The results of the present study are concerning. Previous studies that were more pharma-epidemiological received a lot of press about 2 years ago for concluding that people who received testosterone had a greater risk of developing some cardiac event. All those studies were vastly criticized, rightly so, since large databases suffer from incomplete information on patients. One doesn’t know the circumstances behind why a patient was or was not placed on testosterone. Were they too sick to be treated, or too healthy? Were they truly taking the hormone or did they discontinue? They were nonrandomized in these clinical databases and in fact, about a third of those patients didn’t even have testosterone levels drawn before they were treated. Those studies using large pharmacy-oriented databases were interesting, but did not produce firm conclusions. The controversy has raged on since other non-randomized studies showed metabolic benefits in treated men.
The difference here is that this is a randomized study, in which elderly men were treated with testosterone vs. placebo. Since it was a relatively short 12-month study, clinical outcomes did not change, rather they used a surrogate marker of CAD, ie, coronary artery noncalcified plaque volume on coronary CTA, as an indicator of coronary atherosclerosis. This measure has been associated with myocardial ischemia and subsequent CV adverse events. The investigators reported an increase in their primary outcome, as well as total plaque volume on coronary CTA in the testosterone-treated group.
There are several issues to consider before making any changes in clinical practice based on these findings. Firstly, can these findings be generalized to all men? The patients in this study, by design, were older (more than 65 years of age), many of whom were found to have significant heart disease already with elevated coronary artery calcium scores. This population varies from the group of men who are most likely to be treated in clinical practice, ie, the middle-aged, 45-to-65-year-olds. The results may thus not apply to the younger, larger populations who are taking the medication.
Secondly, how well do we trust the change in coronary CTA, as a surrogate marker of CAD progression? There was a statistical change over the period of observation, but it remains questionable whether we trust this information enough to make clinical decisions based on it. This is not a `real’ angiogram and these are people who didn’t have any kind of real events. How sure are we that if someone has a change in plaque, it’s going to be associated with a clinical event, and in what amount of time? It may suggest that a patient may have a clinical cardiac event 10 years from now, but patients could stay relatively healthy with a high calcium score for a long time.
Thirdly, what is the total risk-benefit ratio? The JAMA journals also published two other investigations from this study, although the data may not have been for the exact same patients. The authors found that testosterone treatment was associated with a statistically significant increase in bone density as measured by DEXA scan (Snyder PJ, et al. JAMA Intern Med. 2017;doi:10.1001/jamainternmed.2016.9539), and an improvement in anemia (Roy CN, et al. JAMA Intern Med. 2017;doi:10.1001/jamainternmed.2016.9540). Bone density is also an intermediate marker, in this case a surrogate for fracture risk. The increased bone density thus is an important finding for men who are at increased risk of osteoporosis and fractures. Similarly, improvements in hematocrit could also be beneficial. Previously in this same study, testosterone treatment was linked to slight improvements in sexual function (Snyder PJ, et al. N Engl J Med. 2016;doi:10.1056/NEJMoa1506119). Thus, clinicians need to balance the risks and benefits.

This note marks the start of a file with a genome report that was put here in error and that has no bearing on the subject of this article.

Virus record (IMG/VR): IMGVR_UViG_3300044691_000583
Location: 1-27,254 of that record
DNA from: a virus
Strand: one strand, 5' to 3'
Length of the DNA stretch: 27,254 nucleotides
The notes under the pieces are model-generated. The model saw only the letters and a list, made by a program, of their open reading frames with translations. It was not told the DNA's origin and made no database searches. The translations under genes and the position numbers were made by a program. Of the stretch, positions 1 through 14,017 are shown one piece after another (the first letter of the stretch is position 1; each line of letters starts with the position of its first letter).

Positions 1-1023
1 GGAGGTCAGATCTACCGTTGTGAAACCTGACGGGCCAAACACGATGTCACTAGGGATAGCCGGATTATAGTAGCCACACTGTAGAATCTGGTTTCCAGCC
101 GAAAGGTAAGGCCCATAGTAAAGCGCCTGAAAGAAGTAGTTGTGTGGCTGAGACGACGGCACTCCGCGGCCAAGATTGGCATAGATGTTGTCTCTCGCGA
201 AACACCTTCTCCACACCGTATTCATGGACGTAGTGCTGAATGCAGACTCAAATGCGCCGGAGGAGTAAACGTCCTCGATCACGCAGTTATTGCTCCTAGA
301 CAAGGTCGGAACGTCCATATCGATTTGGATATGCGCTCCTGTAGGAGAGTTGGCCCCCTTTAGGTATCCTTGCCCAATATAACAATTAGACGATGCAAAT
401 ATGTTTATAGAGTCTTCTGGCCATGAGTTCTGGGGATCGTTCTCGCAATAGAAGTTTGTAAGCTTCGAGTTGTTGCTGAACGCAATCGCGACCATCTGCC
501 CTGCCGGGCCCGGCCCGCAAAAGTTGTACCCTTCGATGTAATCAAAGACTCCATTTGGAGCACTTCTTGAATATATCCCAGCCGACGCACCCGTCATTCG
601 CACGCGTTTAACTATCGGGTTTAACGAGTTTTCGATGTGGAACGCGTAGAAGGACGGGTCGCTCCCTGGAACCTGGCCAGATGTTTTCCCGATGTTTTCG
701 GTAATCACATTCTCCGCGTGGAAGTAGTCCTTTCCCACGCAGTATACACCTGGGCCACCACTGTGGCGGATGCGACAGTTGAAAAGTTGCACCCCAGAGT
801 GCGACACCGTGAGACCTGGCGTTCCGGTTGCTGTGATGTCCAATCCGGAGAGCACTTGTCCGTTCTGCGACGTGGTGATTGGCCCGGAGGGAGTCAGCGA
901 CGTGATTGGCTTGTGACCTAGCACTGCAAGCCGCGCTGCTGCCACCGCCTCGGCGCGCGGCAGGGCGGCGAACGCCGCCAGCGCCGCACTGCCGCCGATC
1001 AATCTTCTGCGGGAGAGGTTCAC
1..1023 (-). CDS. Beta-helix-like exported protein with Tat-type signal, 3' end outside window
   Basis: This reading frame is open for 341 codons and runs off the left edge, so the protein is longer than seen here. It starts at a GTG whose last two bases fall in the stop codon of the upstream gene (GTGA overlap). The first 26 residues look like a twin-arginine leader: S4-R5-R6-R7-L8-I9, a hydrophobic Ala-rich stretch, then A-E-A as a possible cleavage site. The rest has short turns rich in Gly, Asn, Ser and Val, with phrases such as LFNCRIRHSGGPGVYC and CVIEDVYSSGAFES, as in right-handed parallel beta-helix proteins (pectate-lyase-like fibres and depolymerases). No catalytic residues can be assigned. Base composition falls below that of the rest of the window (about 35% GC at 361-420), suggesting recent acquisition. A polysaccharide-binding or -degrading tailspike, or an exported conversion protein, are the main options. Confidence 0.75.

There are clear indications for testosterone treatment, eg, when there is no question that the patient must be treated because of extremely low levels. Examples include pituitary disease, or congenital or acquired testicular damage. In those situations, we commonly understand the mechanism to explain the hypogonadism, and the men are symptomatic. Treatment in these situations would be recommended, even if the man has known heart disease, assuming there is careful monitoring afterwards.
A study to evaluate the effect of testosterone on clinical CV outcomes is being planned, but it will take a large sample size and many years of observation. Unfortunately, we will need to wait a long time for this. Until then, treating men with testosterone should, like all medications, come only after careful thought and discussions with the patient. Clinicians should offer testosterone therapy to men with low serum testosterone levels, who are symptomatic and have an underlying mechanism to explain their hypogonadism. Physicians should always emphasize lifestyle intervention and direct treatment for CV risk factors. Also, depending on the circumstances, testosterone therapy need not be continued forever if there is no symptomatic improvement or physiological benefit.
Adrian Dobs, MD, MHS
Professor of Medicine and Oncology
Johns Hopkins Medicine
Disclosures: Dobs reports no relevant financial disclosures.